Monday, November 15, 2010

Sandy Rowe: Lessons from a life in news

One of the luxuries of working for Mizzou is getting to attend interesting campus lectures, including the Missouri Honor Medal master classes on Oct. 28. Below, I've posted my notes from the presentation given by Sandy Rowe, retired Oregonian editor and currently a Knight fellow at Harvard.

Rowe said her perfect newspaper would only have three types of stories:
  1. Kick-ass, original exclusives/investigative stories
  2. Stories on humanity built on character and details, the stories that make you want to laugh or cry
  3. Useful stories of high interest, such as explanatory pieces or news you can use
Her presentation focused on the first type, the most at danger in today's economy. She described these accountability stories as complex, high-risk, high-impact and original reporting. They're rarely about one thing; the best stories are at the intersection of topics and touch on what we value as a society/community. They require layered reporting. Of course, this is costly to newsrooms.

She said it's foolish to think that more money will come into media outlets to fund investigative reporting, and most bloggers don't have the resources or a wide distribution. So, what could keep investigative stories going? Rowe suggests that media have to stop serving their newsrooms rather than their communities first and form partnerships with nonjournalistic organizations, universities, public radio stations and nonjournalistic experts. Northeastern has an investigative seminar in which student stories are funneled to the Boston Globe. So far 16 student-reported stories have appeared on Page 1. Another newspaper formed a partnership with a librarian and three retired lawyers who were willing to do research. Even Facebook could help newsrooms find experts in their communities whom they could network with.

As an editor, she employed "prosecutorial editing" when her staff worked on high-risk stories that made the reporters feel both thrills and pure fear. In editing, she asked herself and the reporter:
  • Could the opposite of what we're writing be true?
  • Is there another explanation for this?
  • What don't I know that might change things?
She argued that investigative stories don't have to be five-part series. They can appear in several formats, including:
  • Breaking news: In "Confusion hampered search for Kims," which won the 2007 Pulitzer Prize for breaking news, a team of Oregonian reporters pieced together details that not only provided a harrowing narrative of a family of four stranded and freezing in the Oregon woods but also evidence that rescue agencies failed terribly:
"In the end, the family was found by a volunteer pilot, one of several key breakthroughs achieved by people not connected to the official search. The confirmation that the family was south of Roseburg came from a citizen tipster; and the cell phone evidence narrowing the search was provided by amateur detectives at an Oregon wireless carrier.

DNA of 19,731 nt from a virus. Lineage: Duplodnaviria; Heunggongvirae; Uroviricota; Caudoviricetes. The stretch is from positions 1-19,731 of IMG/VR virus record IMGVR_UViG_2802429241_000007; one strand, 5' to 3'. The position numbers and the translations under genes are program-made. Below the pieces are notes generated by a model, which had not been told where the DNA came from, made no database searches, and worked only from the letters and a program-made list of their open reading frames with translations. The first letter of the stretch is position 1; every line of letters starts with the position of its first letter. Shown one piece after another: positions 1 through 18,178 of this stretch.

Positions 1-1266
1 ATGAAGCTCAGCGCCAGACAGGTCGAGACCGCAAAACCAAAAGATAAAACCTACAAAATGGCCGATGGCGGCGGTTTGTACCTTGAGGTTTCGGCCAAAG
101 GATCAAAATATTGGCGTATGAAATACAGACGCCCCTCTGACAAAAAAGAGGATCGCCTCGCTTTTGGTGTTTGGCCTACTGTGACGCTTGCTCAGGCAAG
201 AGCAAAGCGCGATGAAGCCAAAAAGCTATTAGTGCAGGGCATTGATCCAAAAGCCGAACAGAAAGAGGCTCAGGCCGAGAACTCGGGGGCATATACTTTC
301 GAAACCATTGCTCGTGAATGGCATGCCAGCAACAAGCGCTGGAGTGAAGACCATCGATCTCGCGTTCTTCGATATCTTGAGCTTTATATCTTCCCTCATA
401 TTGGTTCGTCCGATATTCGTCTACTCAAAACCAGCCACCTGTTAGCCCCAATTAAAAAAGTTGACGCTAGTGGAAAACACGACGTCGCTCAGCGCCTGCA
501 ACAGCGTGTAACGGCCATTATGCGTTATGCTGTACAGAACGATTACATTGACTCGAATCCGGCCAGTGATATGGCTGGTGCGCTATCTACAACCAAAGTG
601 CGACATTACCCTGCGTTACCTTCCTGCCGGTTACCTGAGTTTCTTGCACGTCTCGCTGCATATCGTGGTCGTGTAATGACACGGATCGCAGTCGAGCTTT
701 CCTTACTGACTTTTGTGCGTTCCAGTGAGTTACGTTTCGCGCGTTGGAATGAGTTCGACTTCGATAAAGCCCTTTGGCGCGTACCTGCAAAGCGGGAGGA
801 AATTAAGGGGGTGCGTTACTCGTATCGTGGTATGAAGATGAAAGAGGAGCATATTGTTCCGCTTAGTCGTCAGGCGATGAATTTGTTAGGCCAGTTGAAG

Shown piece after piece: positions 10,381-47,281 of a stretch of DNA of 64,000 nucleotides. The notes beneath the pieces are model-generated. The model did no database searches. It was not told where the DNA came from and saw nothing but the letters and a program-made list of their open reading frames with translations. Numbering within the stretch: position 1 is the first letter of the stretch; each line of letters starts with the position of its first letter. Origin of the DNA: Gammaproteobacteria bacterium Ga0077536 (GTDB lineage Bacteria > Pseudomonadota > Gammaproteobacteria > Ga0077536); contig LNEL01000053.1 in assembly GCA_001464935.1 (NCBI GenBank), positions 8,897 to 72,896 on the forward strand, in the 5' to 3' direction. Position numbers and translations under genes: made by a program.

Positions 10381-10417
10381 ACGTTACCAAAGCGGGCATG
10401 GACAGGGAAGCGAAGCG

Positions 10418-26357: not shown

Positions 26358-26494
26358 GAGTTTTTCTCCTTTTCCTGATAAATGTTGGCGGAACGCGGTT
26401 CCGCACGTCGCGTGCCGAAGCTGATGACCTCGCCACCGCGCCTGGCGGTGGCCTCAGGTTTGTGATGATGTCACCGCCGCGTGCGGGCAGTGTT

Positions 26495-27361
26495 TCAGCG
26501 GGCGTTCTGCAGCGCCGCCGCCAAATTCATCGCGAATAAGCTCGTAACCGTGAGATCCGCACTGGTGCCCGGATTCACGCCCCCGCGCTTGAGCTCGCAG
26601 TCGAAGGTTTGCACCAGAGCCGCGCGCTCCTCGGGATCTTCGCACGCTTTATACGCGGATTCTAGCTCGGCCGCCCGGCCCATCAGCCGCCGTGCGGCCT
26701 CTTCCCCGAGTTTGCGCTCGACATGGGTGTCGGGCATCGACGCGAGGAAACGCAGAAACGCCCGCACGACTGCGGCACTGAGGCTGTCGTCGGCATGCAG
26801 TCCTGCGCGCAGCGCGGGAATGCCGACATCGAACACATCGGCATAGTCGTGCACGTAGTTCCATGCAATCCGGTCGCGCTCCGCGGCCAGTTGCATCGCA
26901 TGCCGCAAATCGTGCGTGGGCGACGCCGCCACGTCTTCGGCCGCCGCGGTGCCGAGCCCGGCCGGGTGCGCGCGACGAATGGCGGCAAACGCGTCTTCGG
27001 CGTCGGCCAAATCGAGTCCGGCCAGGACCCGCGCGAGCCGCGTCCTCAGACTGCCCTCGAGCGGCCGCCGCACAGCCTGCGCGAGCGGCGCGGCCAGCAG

Many of the key missteps came in Josephine County. The search-and-rescue coordinator now acknowledges she was overwhelmed by the demands of the search. She failed to call for help from the National Guard, which meant that heat-detecting helicopters stayed on the ground in the crucial two nights James Kim slept in the forest.

Her direct supervisor, an undersheriff in his last week on the job, said he ignored a late-night call from her about the case because he was watching an Oregon State football game on television."

  • Profiles: Oregon's governor and several members of Congress called for the resignation of David Beebe, district director of the Immigration and Naturalization Service, after complaints of high numbers of Asians being rejected at the airport. The next day, Julie Sullivan convinced Beebe that there was more to his story than what had been reported, and she wrote "I have to be who I am," explaining Beebe's character and motivations.

"Last year, 94,000 "customers" approached the counter of the Portland INS. The line of immigrants, refugees, adoptive parents and newlyweds forms outside the stained stone walls of the unmarked federal building on Northwest Broadway as early as 7 a.m.

But Beebe is always there first.

Neighbors can set their watches by the 55-year-old civil servant: up at 3:45 a.m. for calisthenics, out the garage door by 6 a.m., in the office 14 minutes later in a dark suit and silk tie. Beebe is 6-foot-2, 170 pounds of self-discipline who controls high blood pressure through habit. He takes the stairs, never elevators. He takes walks, not lunch. He never has more than a single glass of wine. He trims his lawn Tuesdays and Thursdays, like clockwork."

  • Editorials: "All the lonely people" won the 2006 Pultizer Prize for editorial writing. It uncovered the shortcomings of Oregon State Hospital, including a room with 5,000 unclaimed remains, and called for the legislature to fund improvements to mental health care services.
Rowe also suggested reversing the journalistic lens. Instead of localizing national stories, start with a local story. Follow it through; keep reporting on it. Chances are that the story touches onit an issue that will have larger implications and might turn into a regional or national story.

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